CENTRAL ASIA. Ethnic, religious, and regional tensions are becoming increasingly violent in Kyrgyzstan and Tajikistan. Moscow may use this as an opportunity to increase its military presence in the region.


    EUROZONE. Europe’s economic problems are causing detrimental social ramifications, as Germany attempts to impose austere measures on other resistive eurozone members. This opposition to austerity is seen strongest among Europe’s youth, who will express their dissatisfaction in increasingly prevalent displays of street violence and public protests.


    CUBA. More than half a million state workers in Cuba will be laid off by March, and though Fidel and Raul Castro have plans of building up the country’s private sector in order to absorb the labor, this year will prove to be incredibly tumultuous for them.


    SOMALIA. Somalia will continue to see a steady buildup of peacekeeping assistance, with the African Union Mission in Somalia (AMISOM) alone anticipating a few thousand new volunteers added to its current 8,000 member contingency.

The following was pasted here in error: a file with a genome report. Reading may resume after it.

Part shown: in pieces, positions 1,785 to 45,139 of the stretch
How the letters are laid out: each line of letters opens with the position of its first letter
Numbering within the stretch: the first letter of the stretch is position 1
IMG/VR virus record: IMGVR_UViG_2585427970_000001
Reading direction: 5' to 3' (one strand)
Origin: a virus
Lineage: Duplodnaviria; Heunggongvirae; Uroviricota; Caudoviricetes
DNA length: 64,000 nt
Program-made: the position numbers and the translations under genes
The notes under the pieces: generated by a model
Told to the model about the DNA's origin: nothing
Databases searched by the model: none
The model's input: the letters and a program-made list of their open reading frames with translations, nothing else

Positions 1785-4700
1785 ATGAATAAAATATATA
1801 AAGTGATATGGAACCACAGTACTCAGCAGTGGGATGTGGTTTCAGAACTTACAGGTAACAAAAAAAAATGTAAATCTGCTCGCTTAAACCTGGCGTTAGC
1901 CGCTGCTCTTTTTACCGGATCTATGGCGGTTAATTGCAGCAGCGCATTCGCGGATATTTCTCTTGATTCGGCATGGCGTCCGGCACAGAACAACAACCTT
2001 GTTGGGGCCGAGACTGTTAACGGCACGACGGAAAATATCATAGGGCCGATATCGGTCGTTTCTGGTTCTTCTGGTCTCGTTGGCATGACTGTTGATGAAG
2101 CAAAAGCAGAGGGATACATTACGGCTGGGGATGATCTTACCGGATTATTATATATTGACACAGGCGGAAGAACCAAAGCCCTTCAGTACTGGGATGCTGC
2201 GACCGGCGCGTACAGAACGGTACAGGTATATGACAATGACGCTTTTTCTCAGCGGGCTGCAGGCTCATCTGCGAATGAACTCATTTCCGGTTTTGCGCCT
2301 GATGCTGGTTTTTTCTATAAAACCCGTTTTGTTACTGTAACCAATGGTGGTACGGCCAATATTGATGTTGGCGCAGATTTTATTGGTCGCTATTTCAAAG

Militant Intimidation

    AFGHANISTAN. A negotiated settlement between the U.S. and Afghanistan seems unlikely in 2011 as the success of the U.S.-led International Security Assistance Force (ISAF) relies on both the military degradation of the Taliban as well as the ability to negotiate some degree of political accommodation with them. However, the ISAF’s success on the battlefield is expected to continue.


    CHINA. Anti-access and area denial will continue to be the focus of China’s military agenda, which will only increase political friction with the United States. The U.S. will in turn need to threaten concrete trade measures if only to take symbolic action against their lack of transparency. China’s new hard-line approach to territorial and sovereignty disputes in addition to it’s accelerated resource acquisition strategies may result in clashing with neighboring countries.


    NORTH KOREA. North Korea’s unpredictable behavior in 2010 could be a precursor to negotiations for economic benefits, looking at their past patterns of escalating tensions. There will likely be a return to more managed relations with North Korea unless Kim Jong Il’s succession plans result in a major domestic dispute.